#BlackWomenAtWork, tech-enabled abuse and other top gender stories of the week

Image: REUTERS/Carlos Barria

Saadia Zahidi, Head of Education, Gender and Work and Member of Executive Committee, World Economic Forum Geneva


#BlackWomenAtWork: Women speak out after criticism of journalist, congresswoman. (NPR)

Tech giants: All reports and no action when it comes to diversity? (Wired)

Education doesn’t solve the gender pay gap. (The Atlantic)

Cut the gender pay gap by increasing parental leave for fathers, UK MPs say. (The Independent)

Scientists build a menstrual biochip that does everything but bleed. (Wired)

A women’s place is in the home, say more millennials. (Quartz)

Oxford University fights ‘dead white male’ syndrome with portraits of women. (BBC)

Male subway riders uncomfortable. UN sexual harassment campaign launches. (Reuters)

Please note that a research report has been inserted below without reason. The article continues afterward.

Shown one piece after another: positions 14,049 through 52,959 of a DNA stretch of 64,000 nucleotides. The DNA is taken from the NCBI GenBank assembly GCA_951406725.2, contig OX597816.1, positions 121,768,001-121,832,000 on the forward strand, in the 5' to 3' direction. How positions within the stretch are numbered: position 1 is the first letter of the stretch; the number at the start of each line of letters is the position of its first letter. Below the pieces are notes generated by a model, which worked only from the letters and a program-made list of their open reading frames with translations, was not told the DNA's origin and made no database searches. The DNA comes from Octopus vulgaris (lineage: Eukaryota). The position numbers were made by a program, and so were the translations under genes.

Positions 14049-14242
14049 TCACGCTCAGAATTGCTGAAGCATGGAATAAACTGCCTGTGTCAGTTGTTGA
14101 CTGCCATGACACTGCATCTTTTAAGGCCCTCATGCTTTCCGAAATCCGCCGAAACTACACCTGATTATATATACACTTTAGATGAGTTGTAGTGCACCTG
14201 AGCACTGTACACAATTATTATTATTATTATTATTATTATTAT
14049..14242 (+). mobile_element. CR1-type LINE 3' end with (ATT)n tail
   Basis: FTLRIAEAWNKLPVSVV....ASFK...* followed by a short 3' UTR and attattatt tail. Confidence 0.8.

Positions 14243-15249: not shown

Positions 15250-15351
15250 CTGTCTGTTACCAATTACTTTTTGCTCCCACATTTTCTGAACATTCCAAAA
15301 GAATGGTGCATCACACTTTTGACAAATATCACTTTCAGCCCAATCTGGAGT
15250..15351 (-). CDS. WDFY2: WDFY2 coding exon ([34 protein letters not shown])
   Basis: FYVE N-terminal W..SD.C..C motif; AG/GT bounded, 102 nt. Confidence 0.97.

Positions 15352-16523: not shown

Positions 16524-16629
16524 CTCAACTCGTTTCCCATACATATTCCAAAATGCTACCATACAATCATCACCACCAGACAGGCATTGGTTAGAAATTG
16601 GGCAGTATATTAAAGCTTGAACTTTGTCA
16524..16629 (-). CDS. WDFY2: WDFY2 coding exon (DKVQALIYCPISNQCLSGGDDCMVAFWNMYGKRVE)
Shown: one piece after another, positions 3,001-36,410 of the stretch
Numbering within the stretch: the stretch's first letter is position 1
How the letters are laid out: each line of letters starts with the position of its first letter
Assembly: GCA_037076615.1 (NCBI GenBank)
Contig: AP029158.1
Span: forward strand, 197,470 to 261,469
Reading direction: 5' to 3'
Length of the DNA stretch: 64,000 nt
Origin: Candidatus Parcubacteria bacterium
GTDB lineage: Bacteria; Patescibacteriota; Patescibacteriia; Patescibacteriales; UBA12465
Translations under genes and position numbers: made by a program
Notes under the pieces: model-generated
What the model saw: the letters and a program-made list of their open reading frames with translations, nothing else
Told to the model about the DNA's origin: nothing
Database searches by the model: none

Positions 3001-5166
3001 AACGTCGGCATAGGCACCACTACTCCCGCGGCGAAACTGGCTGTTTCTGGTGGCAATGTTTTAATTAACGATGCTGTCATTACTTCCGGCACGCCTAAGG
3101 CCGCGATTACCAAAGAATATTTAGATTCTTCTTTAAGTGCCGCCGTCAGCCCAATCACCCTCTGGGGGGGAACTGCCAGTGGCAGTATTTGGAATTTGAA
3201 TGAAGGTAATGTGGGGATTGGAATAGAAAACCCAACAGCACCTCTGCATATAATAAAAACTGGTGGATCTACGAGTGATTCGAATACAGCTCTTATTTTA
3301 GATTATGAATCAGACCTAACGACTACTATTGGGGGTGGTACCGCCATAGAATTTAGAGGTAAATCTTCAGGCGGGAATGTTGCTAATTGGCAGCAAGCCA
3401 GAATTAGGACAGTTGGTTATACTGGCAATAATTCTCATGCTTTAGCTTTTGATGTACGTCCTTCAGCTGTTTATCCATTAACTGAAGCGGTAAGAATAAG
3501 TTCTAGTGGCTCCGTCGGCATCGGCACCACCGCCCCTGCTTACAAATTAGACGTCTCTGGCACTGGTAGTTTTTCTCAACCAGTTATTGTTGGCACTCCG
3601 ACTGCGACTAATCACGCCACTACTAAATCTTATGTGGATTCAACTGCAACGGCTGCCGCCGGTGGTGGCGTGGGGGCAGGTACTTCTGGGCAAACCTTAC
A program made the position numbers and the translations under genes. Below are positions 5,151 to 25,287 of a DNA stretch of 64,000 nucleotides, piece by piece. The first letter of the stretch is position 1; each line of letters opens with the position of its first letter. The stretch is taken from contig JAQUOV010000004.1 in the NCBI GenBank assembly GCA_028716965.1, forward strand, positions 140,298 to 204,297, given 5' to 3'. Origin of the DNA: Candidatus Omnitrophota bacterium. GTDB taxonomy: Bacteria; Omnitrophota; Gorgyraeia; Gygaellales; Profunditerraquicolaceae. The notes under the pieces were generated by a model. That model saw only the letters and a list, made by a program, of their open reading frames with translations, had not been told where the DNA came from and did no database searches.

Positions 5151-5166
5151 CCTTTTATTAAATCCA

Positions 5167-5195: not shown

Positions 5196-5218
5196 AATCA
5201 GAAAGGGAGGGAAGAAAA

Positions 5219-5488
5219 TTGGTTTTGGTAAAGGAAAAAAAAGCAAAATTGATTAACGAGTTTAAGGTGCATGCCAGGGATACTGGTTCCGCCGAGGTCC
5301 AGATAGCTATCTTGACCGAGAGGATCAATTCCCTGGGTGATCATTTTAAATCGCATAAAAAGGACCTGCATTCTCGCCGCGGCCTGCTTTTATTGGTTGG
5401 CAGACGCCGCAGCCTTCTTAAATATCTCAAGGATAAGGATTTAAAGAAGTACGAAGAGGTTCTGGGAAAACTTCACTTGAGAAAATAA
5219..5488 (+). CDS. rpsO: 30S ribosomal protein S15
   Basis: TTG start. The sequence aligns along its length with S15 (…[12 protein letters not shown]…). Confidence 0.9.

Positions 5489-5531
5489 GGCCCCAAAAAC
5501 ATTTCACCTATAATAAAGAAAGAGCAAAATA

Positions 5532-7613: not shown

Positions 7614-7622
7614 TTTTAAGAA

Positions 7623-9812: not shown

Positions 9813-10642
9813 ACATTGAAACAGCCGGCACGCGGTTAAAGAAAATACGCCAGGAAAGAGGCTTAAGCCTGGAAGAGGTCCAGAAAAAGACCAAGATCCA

India’s Ladycops: Documentary explores India’s women-only police stations. (Al Jazeera)

First International Muslim Women’s Day celebrated, March 27th. (Guardian Online)

African countries say they support women’s rights. But where’s the money? (The Conversation)

Of course we still need a Women’s History Month. Here’s why. (World Economic Forum)

Technology-facilitated abuse: The new breed of domestic violence. (The Conversation)

‘You cannot have peace if you don’t listen to women.’ Women in Burundi demand seat at the table. (New York Times)

Collecting DNA from sex workers to one day identify their bodies. (The Atlantic)

A Women’s Media Center study of top US news outlets shows women journalists report less of the news. Overall, men produce 62% of the analysed reports. Women produce 37.7%.
Source: Women’s Media Center, March 2017

Quote of the week

“When men or women turn to or on the media, yet fail to see women in our true diversity, there is a sense that all or some women literally don’t count. It’s crucial that the media report and reflect, not conceal and distort.”


Originally published at www.weforum.org.

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